JOURNAL ARTICLE

The effect of a 12-over spell on fast bowling technique in cricket

A F Burnett, B C Elliott, R N Marshall
Journal of Sports Sciences 1995, 13 (4): 329-41
7474047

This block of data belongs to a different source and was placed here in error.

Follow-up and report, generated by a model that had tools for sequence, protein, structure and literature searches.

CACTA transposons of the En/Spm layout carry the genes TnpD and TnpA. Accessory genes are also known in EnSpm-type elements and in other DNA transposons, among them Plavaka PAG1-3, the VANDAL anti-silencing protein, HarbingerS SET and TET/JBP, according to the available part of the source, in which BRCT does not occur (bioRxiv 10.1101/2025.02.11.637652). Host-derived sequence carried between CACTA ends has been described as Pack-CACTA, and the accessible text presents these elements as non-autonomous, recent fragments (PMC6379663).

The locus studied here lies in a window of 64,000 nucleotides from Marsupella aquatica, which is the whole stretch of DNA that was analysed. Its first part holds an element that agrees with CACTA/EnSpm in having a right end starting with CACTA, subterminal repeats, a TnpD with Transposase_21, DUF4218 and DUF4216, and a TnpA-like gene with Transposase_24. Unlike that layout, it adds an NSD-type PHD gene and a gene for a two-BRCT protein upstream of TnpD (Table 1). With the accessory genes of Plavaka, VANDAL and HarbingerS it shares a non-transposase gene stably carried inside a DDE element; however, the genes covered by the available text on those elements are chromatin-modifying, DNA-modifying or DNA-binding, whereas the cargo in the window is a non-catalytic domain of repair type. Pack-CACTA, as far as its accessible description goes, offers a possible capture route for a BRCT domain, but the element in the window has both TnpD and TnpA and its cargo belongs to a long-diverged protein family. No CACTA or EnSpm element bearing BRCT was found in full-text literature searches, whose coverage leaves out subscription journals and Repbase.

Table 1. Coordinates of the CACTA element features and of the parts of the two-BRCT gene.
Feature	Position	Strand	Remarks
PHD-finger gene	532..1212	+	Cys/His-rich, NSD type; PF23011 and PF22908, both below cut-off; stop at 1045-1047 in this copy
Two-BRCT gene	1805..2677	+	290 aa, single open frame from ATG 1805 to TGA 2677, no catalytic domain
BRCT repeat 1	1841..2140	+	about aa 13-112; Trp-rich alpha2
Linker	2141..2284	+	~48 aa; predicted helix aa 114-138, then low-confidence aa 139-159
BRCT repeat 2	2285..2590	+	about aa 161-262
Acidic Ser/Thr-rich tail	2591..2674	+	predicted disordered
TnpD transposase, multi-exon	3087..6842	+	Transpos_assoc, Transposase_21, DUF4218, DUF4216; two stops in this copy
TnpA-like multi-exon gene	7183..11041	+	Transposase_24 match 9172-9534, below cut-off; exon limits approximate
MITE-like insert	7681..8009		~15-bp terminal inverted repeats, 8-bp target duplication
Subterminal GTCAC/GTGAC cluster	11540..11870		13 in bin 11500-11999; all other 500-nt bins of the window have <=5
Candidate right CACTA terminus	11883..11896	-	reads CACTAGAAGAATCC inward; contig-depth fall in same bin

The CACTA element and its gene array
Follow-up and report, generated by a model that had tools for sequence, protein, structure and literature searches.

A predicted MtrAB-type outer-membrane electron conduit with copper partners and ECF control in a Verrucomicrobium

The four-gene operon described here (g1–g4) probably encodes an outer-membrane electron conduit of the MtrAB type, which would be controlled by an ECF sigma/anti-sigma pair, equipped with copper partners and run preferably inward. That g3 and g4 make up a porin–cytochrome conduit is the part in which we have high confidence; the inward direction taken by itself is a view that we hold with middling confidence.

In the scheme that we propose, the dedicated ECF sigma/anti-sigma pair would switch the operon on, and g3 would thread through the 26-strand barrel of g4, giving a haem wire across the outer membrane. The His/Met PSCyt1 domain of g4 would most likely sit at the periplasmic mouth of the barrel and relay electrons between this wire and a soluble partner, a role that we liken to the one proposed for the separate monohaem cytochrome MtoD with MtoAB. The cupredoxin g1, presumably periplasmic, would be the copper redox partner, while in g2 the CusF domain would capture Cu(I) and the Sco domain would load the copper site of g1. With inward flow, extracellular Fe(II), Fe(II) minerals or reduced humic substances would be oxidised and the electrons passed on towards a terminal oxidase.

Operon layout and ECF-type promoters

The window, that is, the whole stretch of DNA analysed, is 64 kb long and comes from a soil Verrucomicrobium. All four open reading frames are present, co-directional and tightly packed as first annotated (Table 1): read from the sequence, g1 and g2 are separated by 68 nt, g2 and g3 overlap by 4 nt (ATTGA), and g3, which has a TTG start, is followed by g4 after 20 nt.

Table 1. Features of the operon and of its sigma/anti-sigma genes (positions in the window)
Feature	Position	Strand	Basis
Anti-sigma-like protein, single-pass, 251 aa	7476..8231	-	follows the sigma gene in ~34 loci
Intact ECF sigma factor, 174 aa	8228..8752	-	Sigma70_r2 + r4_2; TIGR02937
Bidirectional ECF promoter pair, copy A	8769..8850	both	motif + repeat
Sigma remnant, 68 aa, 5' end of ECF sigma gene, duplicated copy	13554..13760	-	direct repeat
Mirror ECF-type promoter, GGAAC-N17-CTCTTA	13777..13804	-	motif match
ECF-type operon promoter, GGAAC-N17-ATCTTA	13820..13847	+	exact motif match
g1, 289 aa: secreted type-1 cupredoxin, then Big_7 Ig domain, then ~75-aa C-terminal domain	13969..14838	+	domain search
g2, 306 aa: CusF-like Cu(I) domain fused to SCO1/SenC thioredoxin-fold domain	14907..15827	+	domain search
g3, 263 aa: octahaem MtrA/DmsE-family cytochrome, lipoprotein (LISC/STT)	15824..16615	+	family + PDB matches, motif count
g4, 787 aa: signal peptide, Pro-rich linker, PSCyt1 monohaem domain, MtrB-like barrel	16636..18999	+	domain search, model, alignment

Nine members of the Western Australian Cricket Association fast bowling development squad were selected to determine the effects that a 12-over spell would have on fast bowling technique and selected physiological variables. Three high-speed cameras operating at 100 Hz filmed the subjects bowling the 5th and 6th balls of their 1st, 6th, 10th and 12th overs. Blood lactate and heart rate were recorded and the bowlers were shown to work at between 80.3% (1st over) to 84.7% (12th over) of their maximum heart rate during the 12-over bowling spell. Data from the 5th and 6th deliveries from each over were averaged to provide representative data, as no significant differences were evident between these two deliveries for the selected kinematic variables. For all subjects, no significant differences were recorded for the selected kinematic variables throughout the duration of the 12-over spell, indicating that in general fast bowling technique does not change over this length of spell. In addition, there was some evidence of change in technique for the bowlers who used a front-on action, where counter-rotation of the shoulders was found to increase; however, this could only be confirmed by a more comprehensive study.

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